Hence in my view, apologists for the Christian faith should resist answering directly the questions with which I began this essay: Is the Bible true? Is it historically accurate? Is it a revelation from God? Why? Because no definitive answers can be given. Any answer will raise as many questions as it answers, and it will provoke endless counter arguments and follow-up questions. The only path forward is the one I charted in earlier posts. We must decide—apart from any view of the authority of the Bible—whether or not to accept the apostolic testimony to Jesus resurrection. Yours, mine, and the whole church’s respect for the Bible’s authority rightly flows from this decision and from nowhere else. But as I hope to show in future posts, the church’s respect for the Bible has not been misplaced; it really does flow from this decision. And neither was my trust in my parents and the church of my childhood misplaced.

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2 thoughts on “What About the Bible? An Autobiographical Reflection

  1. nokareon

    As an autobiographical anecdote of my own, I will never forget seeing a stained-glass image in a Texan conservative, baptist church visually depicting their take on the Trinity. God the Father and Jesus carrying out his ministry were evident in two of the thirds of the mural, but in the third? The third was an image of the Bible, front and center, surrounded by rays of light and with the image of a dove flying forth from its pages. So, to draw theology from iconography, the God of that church was the Father, the Son, and… the Bible?

    Some would actually find the equating of the Holy Spirit and the Bible unobjectionable. First of all, many conservative traditions just don’t quite know *what* to do with the Spirit. In light of this, it seems natural that these traditions, when reading Scriptures of how God intends to guide His church down through history, see them as referring to Scripture itself. This is especially true given the supremely high view of Scripture that they hold (and perhaps even the reason why they see Scripture as the third portion of the Godhead). But even though the Spirit was indeed involved in the making of Scripture, how awful would it be to confuse Her with the product that She helped to make!

    The word Bibliolatry comes to mind, which I first ran into when reading Gregory Boyd. I remember bringing up the concept of Bibliolatry in my home church only to be met with dismissal—to them, the Bible was the Word of God, so no amount of reverence or veneration given to it was too much. It actually reminded me a bit of Mariology within the Catholic Church; namely, if Mary is the most blessed among women and the Mediatrix for all humankind, then no amount of reverence or veneration directed towards her would be too much. That’s why it is very important to carefully define (re: place limitations on) the authority of Scripture within Christian faith and practice. We serve a living and dynamic God who, though certainly revealed within the pages of Scripture, also transcends the same Scripture to just as great a degree.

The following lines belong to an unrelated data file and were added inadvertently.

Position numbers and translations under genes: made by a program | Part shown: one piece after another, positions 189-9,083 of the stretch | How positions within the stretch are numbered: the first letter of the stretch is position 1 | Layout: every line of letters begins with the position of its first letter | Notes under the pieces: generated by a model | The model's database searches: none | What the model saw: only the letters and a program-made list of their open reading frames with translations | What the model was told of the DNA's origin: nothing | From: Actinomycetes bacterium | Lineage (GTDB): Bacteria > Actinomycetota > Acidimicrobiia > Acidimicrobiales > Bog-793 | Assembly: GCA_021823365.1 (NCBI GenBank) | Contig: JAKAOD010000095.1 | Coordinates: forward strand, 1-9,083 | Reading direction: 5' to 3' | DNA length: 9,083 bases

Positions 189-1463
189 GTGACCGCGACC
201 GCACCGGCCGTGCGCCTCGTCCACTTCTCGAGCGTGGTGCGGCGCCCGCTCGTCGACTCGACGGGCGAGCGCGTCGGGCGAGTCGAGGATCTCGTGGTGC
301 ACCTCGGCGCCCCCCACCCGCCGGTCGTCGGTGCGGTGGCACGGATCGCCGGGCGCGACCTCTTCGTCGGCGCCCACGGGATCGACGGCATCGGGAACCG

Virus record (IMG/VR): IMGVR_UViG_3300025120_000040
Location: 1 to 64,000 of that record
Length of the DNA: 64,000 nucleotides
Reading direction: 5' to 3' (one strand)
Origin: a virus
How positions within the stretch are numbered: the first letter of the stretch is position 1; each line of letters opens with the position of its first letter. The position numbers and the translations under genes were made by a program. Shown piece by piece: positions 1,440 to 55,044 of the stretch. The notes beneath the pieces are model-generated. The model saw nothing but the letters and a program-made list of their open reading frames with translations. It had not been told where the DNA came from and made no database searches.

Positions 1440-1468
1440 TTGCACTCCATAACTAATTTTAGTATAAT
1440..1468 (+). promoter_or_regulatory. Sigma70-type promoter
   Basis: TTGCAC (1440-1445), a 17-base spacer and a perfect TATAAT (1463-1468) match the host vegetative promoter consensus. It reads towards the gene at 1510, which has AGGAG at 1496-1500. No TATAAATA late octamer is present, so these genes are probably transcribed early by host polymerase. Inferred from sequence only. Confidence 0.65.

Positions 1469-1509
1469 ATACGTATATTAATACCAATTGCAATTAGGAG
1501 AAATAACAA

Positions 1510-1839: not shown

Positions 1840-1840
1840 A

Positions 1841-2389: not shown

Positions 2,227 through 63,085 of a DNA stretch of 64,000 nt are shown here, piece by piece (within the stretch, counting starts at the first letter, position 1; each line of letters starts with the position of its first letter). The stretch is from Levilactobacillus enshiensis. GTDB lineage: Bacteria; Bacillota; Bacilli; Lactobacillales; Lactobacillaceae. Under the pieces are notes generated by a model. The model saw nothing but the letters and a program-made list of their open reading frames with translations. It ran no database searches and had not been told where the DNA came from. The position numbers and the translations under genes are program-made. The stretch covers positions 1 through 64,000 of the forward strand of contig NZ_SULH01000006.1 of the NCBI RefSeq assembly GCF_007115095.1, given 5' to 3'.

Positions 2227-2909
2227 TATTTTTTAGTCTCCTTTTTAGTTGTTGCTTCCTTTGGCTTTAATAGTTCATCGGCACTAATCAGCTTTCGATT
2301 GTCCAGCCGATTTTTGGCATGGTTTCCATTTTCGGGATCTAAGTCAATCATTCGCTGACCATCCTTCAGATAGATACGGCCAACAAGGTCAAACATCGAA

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    1. ifaqtheology Post author

      I think that the path I lay out, if kept firmly in mind, can help us treasure the Bible for the right reasons and to the proper degree. The Bible is precious because of its relation to the One it makes known. I would not level the accusation of bibliolatry. Not only is it inflammatory, it is not really accurate. The conservative doctrine of scripture is an articulation of the place and function of the scriptures in the life of the church. The Bible really is the sole authority for our knowledge of Jesus Christ and for the true identity of the triune God. And for that reason the church must point her children to the scriptures. For they are so tempted to substitute other ideas for the real Jesus. My main point is not to diminish the love of the church for the Bible but to help her keep clearly in mind why she was compelled to love it in the first place. Thanks.